6. The composition of claim 1 wherein component (B) is further treated with a surface treating agent when it is mixed with component (A) or an alkenyl group-containing organopolysiloxane in component (A).
7. The composition of claim 1 for use in casting, extrusion molding, compression molding, transfer molding or injection molding.
Description

This invention relates to addition curing type liquid silicone rubber compositions which prevent thickening after mixing, have an extended pot life, and are especially suited for injection molding.

BACKGROUND OF THE INVENTION

In the prior art, addition curing type silicone rubber compositions are typically molded by press molding, transfer molding, and injection molding techniques. Under the current demand for cost reduction and mass production, it is desired to increase the cure rate of rubber to shorten the molding cycle. In the case of addition curing, however, the cure rate is increased at the sacrifice of a pot life. A silicone rubber composition is prepared by admixing its components. No problems arise if the silicone rubber composition is molded immediately after admixing. However, if the molding machine is stopped and kept quiescent for a long period of time, the composition will thicken during that period. When the molding machine is operated again, clogging or gelation can occur due to thickening or a short pot life before the composition reaches the mold, causing detrimental effects on molded parts.

To impart physical properties such as strength and durability to silicone rubber, the blending of reinforcing silica is requisite. In the application where transparent parts are necessary, large amounts of reinforcing silica must sometimes be blended in order to provide a high hardness. After blending, the silica starts to agglomerate with the lapse of time, causing thickening. In the case of an addition curing type silicone rubber composition comprising a base oil, a crosslinking component (organohydrogenpolysiloxane) and an addition reaction catalyst, the silica blended gives rise to the problem of a short pot life. There is a desire to overcome these problems.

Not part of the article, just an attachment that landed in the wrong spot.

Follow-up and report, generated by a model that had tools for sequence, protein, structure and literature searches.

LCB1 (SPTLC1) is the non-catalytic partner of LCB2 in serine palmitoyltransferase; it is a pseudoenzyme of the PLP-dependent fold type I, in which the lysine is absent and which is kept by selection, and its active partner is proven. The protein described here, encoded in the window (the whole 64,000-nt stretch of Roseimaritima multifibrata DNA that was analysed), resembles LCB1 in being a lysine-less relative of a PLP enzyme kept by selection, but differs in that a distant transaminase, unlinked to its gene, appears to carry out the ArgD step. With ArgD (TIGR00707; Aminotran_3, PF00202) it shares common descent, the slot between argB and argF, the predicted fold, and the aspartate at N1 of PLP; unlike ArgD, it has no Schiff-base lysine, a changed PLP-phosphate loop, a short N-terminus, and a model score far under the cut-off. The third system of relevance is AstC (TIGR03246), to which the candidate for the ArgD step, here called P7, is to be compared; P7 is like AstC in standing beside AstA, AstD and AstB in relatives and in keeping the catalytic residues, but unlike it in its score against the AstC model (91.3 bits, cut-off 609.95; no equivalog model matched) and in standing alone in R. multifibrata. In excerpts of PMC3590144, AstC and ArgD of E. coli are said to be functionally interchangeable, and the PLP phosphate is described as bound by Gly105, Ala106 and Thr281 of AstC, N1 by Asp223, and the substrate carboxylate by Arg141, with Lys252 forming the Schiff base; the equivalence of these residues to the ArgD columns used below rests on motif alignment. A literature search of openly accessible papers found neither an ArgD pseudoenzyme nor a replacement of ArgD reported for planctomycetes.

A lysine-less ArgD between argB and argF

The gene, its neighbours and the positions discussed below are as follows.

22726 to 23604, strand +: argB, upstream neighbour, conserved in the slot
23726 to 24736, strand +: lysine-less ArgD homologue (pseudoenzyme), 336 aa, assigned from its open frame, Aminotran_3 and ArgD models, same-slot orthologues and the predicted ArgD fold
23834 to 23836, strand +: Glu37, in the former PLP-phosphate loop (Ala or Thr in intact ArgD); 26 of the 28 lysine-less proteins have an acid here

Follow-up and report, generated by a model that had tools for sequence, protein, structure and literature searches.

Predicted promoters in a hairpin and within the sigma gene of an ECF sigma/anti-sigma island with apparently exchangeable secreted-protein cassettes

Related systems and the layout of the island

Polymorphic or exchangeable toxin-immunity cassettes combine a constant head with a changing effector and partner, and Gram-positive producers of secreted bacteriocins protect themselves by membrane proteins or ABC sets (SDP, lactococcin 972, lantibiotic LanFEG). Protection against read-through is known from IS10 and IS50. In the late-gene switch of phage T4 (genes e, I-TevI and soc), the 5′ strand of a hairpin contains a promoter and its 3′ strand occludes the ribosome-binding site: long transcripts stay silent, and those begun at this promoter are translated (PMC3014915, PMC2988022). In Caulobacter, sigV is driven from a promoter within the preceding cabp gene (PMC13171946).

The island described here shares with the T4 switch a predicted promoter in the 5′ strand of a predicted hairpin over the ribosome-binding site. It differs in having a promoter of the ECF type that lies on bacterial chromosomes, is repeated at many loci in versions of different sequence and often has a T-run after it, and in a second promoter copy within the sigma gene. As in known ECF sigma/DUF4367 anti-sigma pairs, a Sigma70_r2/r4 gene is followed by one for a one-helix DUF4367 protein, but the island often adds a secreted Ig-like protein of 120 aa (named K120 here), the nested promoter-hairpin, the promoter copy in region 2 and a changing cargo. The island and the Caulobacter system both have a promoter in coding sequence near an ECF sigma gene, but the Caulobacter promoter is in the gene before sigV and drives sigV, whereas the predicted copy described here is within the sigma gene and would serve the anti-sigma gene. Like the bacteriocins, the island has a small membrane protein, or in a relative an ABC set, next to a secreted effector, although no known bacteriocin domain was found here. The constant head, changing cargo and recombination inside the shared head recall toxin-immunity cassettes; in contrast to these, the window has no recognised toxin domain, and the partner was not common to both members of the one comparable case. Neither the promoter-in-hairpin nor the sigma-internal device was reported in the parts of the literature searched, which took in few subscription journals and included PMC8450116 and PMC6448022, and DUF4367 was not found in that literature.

SUMMARY OF THE INVENTION

An object of the invention is to provide an addition curing type liquid silicone rubber composition comprising an addition curing type organopolysiloxane component and reinforcing silica fines, which is prevented from thickening after mixing and has an extended pot life.

It has been found that by blending an addition curing type organopolysiloxane component with reinforcing silica fines which have been surface treated with an organosilicon compound in the form of a hydrolyzable group-containing monomer or a partial hydrolyzate thereof so as to bear at least 3% by weight of carbon on their surfaces, there is obtained a liquid addition curing type silicone rubber composition which is prevented from thickening after mixing and has an extended pot life even when the cure rate is increased. Over a long period of time, the composition has little or no detrimental effects on the line through which unvulcanized rubber is fed to a molding machine or on molded parts.